Resolution #3: Make the language learning process transparent. I forget that most of my students don't know how they learn a foreign language. I teach intermediate and advanced students and most of them have been taking Spanish since first grade, so it's easy to think that they have the process down. But they don't. They think it's like math or English, or they come into my class with preconceived notions about being "good" or "bad" at Spanish. They don't realize that their brains are changing constantly or that making mistakes is a stage of the language acquisition process. They tend to value accuracy more highly than communication (which is, unfortunately, a result of the test-focused culture that school promotes), but then get frustrated and discouraged if they feel they can't communicate. So one of my goals is to help them understand what their brains are doing as they learn a language, and to be aware of their own learning. @spanishplans has a communication rubric that I wish I had thought of, and @tonitheisen, @martinabex and @secottrell have great ideas and resources for introducing the ACTFL proficiency scale and having students assess themselves. I'm particularly excited about @secottrell's Proficiency Taco!
Resolution #4: Focus on effective, purposeful communication. This resolution goes hand-in-hand with #3. By providing students with opportunities to communicate in a meaningful and relevant way and emphasizing successful communication rather than linguistic accuracy, I hope to get my kids to speak in Spanish more often and more confidently. So, for example, rather than asking them to tell their partner everything they know about Spain, I'll ask them to come to an agreement with their partner about the most interesting aspect of Spanish culture, or explain why bullfighting should be banned or celebrated, or what they would do if they met Sergio Ramos on the street, etc. (I have to thank great PD with Paul Sandrock for these and other ideas.) Maybe I'll have them fill out a quick checklist after completing a communicative task: Did I understand my partner? Did my partner understand me? What, if anything, did I need/want to say that I couldn't? Not one of my acquaintances or friends in Spain, Puerto Rico or Argentina (where I have lived at various points in my life) ever demanded that I produce the present subjunctive, but we did engage in purposeful conversations with varying degrees of success.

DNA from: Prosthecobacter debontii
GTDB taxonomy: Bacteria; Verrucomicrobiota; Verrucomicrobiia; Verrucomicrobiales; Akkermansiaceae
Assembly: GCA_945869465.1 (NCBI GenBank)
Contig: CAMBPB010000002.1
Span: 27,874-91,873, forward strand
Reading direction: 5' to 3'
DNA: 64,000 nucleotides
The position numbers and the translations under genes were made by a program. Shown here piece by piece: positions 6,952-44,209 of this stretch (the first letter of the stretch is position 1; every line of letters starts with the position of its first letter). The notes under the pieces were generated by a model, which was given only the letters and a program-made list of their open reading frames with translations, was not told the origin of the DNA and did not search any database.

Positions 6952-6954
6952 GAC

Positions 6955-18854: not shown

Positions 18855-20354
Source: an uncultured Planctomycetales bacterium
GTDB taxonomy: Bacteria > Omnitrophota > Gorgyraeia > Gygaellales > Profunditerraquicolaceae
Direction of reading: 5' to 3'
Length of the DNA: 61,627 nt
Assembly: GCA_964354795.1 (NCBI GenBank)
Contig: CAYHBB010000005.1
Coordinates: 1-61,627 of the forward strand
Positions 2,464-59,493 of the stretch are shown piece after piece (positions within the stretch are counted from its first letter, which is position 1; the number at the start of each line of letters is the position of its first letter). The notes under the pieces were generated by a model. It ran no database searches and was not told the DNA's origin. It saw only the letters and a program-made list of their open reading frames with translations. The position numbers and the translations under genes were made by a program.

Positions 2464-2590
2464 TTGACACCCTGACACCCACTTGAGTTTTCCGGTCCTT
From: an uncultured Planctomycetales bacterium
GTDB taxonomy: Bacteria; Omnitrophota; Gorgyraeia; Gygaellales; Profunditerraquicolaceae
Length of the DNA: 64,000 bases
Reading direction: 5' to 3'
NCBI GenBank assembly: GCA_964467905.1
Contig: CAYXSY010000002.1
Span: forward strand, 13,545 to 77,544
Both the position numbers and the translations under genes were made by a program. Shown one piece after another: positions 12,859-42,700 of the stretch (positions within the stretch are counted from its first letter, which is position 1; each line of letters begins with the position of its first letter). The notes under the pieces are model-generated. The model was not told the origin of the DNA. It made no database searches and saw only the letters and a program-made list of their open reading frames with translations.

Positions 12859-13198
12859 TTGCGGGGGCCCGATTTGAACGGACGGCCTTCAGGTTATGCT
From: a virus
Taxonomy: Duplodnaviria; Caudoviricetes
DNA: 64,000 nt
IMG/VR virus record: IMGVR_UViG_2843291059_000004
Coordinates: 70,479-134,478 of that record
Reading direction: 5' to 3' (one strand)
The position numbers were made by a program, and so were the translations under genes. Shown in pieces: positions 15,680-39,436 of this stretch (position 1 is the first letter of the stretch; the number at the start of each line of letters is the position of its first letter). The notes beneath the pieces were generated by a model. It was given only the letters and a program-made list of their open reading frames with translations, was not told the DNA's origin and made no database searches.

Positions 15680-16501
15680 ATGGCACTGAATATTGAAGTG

Resolution #5: Give students quality feedback. This is the one I think I'm going to struggle with the most. It's partly a culture thing. Grades are the currency that students, parents, faculty and administrators use to put a value on learning. Many high-school students (and their parents) are really good at playing the "B" game: as long as the numbers work out to a "B-" or higher at the end of the quarter, they're satisfied, even if they learned nothing of consequence. I am also obligated to give letter and number grades; I don't have a choice in the matter. But what does an "A" or a "B" mean in Spanish? I don't really know, and I'm sure my kids don't either. So how do I evaluate my students' performance meaningfully? The other part of the challenge is time. I have to find a way to move beyond number and letter grades to give my students constructive feedback that addresses their proficiency needs without sucking up all of my time and energy. Technology could help here. Some teachers provide oral feedback through podcasts. Edmodo offers an assignment annotation feature that could help streamline the grading process. I'm also fascinated by what Blue Harvest is doing to combine narrative feedback with performance standards and traditional grades.
Resolution #6. Take care of myself. It is all too easy to sacrifice the good for the great. Perfectionism causes me to work myself to the bone during the school year, and sometimes other parts of my life suffer. Exercise helps. Spending time with my fiancé helps. Unfortunately, I'm ashamed to say that I tend to put schoolwork before these more important things, especially when the work feels both urgent and endless. I suspect that instead of working harder I just need to be smarter about how I work. So I'm going to check e-mail only at set times during the day, reserve Twitter and Facebook for when I'm not supposed to be planning my lessons or grading, and go home when it's time to go home, even if it means I have to rely on a less-than-great lesson or activity the next day.
All right, there they are: my 6 new school year's resolutions, in writing. I'll definitely be checking back on them throughout the year. I'm already looking forward to a June blog post about how well I kept them! What are your new school year's resolutions?